Murder Mountain (2018) s01e06 Episode Script

The Last Outlaws

1 Up here, pretty much anytime you're not working, you're losing money.
So that's kind of a kick to the nuts.
Add insult to injury, I guess.
Now I got to hang out here and recover for, you know, a day or two.
Here's our guy.
He just pulled up in that silver truck there.
Sees some nice rims and tires in the back of the diesel.
I went to confront the guy, and Yeah, he just surprised me.
He caught me off guard and cleaned my clock.
Fucking knocked me straight to the ground, and it was over from there.
Kicked the shit out of me.
This guy is what's wrong with Humboldt County.
It's been so cutthroat that people are just taking anything they can get their hands on.
You're seeing way more drug addicts, way more drug trade, like hard drugs, than you would before.
You know, everything that people built over the past 20 years, twenty-five years is in shambles now because of legalization.
Doesn't feel like there's any reprieve, you know.
The only time I feel like I'm really away from all of that pressure is when I'm up the hill, you know, when I'm at my spot and there's no way they can come get me.
Asha Kreimer was 26 years old at the time of her disappearance.
Asha had long, curly brown hair, brown eyes, and speaks with a strong Australian accent.
Asha was last seen wearing black skinny jeans, a dark gray hoodie, and she was shoeless.
Asha's mother thinks that it's possible that Asha is suffering from amnesia and is living with illegal marijuana growers.
The first time I heard that Asha was missing, I couldn't get my head around the sentence because I've never had a sentence like that said to me, that you don't know where someone is, they've disappeared.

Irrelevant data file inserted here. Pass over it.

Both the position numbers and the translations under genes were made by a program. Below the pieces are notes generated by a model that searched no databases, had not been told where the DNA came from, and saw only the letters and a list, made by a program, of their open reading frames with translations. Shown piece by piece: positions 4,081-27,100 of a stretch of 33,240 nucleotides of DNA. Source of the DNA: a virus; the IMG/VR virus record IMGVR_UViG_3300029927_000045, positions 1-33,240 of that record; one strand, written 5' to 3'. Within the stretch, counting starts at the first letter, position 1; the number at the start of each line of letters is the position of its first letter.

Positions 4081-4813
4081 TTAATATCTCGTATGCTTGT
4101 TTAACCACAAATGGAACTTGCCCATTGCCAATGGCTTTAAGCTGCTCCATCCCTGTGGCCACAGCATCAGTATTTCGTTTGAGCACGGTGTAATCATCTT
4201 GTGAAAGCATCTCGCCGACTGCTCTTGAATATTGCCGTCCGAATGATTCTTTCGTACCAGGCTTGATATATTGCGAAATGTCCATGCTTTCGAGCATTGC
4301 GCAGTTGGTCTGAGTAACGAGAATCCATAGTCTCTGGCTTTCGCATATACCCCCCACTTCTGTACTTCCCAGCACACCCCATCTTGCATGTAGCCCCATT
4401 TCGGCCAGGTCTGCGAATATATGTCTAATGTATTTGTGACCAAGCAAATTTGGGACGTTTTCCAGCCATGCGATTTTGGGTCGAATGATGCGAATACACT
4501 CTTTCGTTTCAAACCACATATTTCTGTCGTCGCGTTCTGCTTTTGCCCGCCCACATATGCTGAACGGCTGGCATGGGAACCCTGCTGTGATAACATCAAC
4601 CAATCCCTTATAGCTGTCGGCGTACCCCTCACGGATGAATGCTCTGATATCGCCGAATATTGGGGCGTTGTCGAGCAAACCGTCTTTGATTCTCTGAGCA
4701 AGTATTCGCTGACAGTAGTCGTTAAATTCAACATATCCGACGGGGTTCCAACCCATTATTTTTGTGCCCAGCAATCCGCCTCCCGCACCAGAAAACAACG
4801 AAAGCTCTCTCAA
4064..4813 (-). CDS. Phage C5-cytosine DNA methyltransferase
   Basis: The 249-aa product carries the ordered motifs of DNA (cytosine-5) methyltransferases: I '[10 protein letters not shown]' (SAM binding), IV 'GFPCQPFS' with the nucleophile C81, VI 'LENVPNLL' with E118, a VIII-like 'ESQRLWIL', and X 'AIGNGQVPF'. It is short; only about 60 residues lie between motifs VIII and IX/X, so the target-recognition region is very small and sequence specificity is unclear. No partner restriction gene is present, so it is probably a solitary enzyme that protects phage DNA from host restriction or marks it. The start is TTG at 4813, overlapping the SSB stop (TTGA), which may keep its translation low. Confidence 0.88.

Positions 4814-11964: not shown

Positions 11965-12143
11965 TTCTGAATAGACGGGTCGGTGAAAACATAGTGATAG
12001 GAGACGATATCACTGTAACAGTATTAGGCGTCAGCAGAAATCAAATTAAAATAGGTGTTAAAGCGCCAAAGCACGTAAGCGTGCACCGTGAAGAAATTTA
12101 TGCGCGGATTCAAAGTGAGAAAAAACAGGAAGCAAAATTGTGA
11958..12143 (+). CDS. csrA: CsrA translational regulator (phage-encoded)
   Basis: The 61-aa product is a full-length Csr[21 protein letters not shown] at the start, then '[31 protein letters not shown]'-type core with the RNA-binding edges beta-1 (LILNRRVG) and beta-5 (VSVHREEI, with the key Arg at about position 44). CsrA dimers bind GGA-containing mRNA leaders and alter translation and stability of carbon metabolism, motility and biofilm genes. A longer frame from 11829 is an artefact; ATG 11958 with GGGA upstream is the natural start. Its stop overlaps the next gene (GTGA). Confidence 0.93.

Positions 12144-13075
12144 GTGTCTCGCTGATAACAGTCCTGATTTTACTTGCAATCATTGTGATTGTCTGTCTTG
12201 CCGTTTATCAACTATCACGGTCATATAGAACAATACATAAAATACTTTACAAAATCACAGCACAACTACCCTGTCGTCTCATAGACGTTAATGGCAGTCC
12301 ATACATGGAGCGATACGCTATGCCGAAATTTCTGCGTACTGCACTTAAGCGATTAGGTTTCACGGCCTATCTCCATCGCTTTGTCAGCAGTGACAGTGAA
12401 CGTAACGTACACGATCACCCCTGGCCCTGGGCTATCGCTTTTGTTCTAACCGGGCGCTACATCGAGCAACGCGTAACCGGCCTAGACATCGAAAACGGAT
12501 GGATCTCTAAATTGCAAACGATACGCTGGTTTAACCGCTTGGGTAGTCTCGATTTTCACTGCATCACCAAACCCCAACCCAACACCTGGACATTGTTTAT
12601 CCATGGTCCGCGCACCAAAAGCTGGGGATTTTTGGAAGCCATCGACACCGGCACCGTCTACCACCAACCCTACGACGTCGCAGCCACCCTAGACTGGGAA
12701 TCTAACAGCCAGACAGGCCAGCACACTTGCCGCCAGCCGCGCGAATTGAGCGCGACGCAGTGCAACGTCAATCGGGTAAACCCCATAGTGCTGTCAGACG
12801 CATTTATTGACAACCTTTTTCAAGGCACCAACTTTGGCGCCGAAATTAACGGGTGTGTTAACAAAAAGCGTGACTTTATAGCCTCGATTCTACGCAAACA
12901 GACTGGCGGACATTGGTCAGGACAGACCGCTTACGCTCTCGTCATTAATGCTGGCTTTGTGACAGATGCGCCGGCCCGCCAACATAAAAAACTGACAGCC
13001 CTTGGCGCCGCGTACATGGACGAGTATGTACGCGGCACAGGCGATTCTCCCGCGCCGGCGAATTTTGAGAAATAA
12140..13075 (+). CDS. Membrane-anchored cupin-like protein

The police, within two weeks, took me into a room by myself and sat me down and looked at me and said, "Your daughter's dead.
" And I looked at both of them and I said, "No, you have no proof.
You have nothing.
" I think the door is pretty closed with law enforcement in regards to Asha's case, because after their investigation they believed Asha committed suicide by jumping off a cliff.
Asha's mother, who is actually a nurse back in Australia, flies here every chance she gets, and she just drives from town to town.
Who knows what you would do, being in this situation.
I mean, I'd probably do the same thing, 'cause you just don't know where to stop.
Like, how do you turn your heart off to stop looking for your child? For 30 months now, I've been looking.
This is my way of life now.
I go back to Australia, back to work, and I save my money and I come back again and follow leads, follow my intuition.
And follow my heart.
There's so many of them there in Humboldt that have never been able to have some kind of closure.
That's worth everything, you know.
The Alderpoint 8, they're heroes to me.
They're heroes to me.
I don't care what the law says.
And I heard that a couple of them were murdered.
And I don't know why they were murdered.
But, man, I am so grateful, 'cause if it hadn't have been for those guys, we wouldn't be having this conversation.
Buzz, my brother, he wants to meet these guys so bad.
That's his-- That is his ultimate wish and goal in life right now.
Couple days after the murder, a couple of people from the ranch were going out with a bunch of stuff they pilfered from the alleged.
I recognized the, uh fishing poles of Garret's.
And I said, "I know who they belong to, and they don't belong to you.
They're not going with you.
" So I lifted them off the truck.
I'd like to get the fishing poles back to Val.
- Have you ever met him? - Never.
Did you know Val was in Vietnam? That's news.
How does that make you feel? Impressed.
Why? That he has gone through what he's gone through and what he went through before.
That stiffens my resolve, knowing he's a brother.
There's a difference between a case being unsolvable than unwinnable.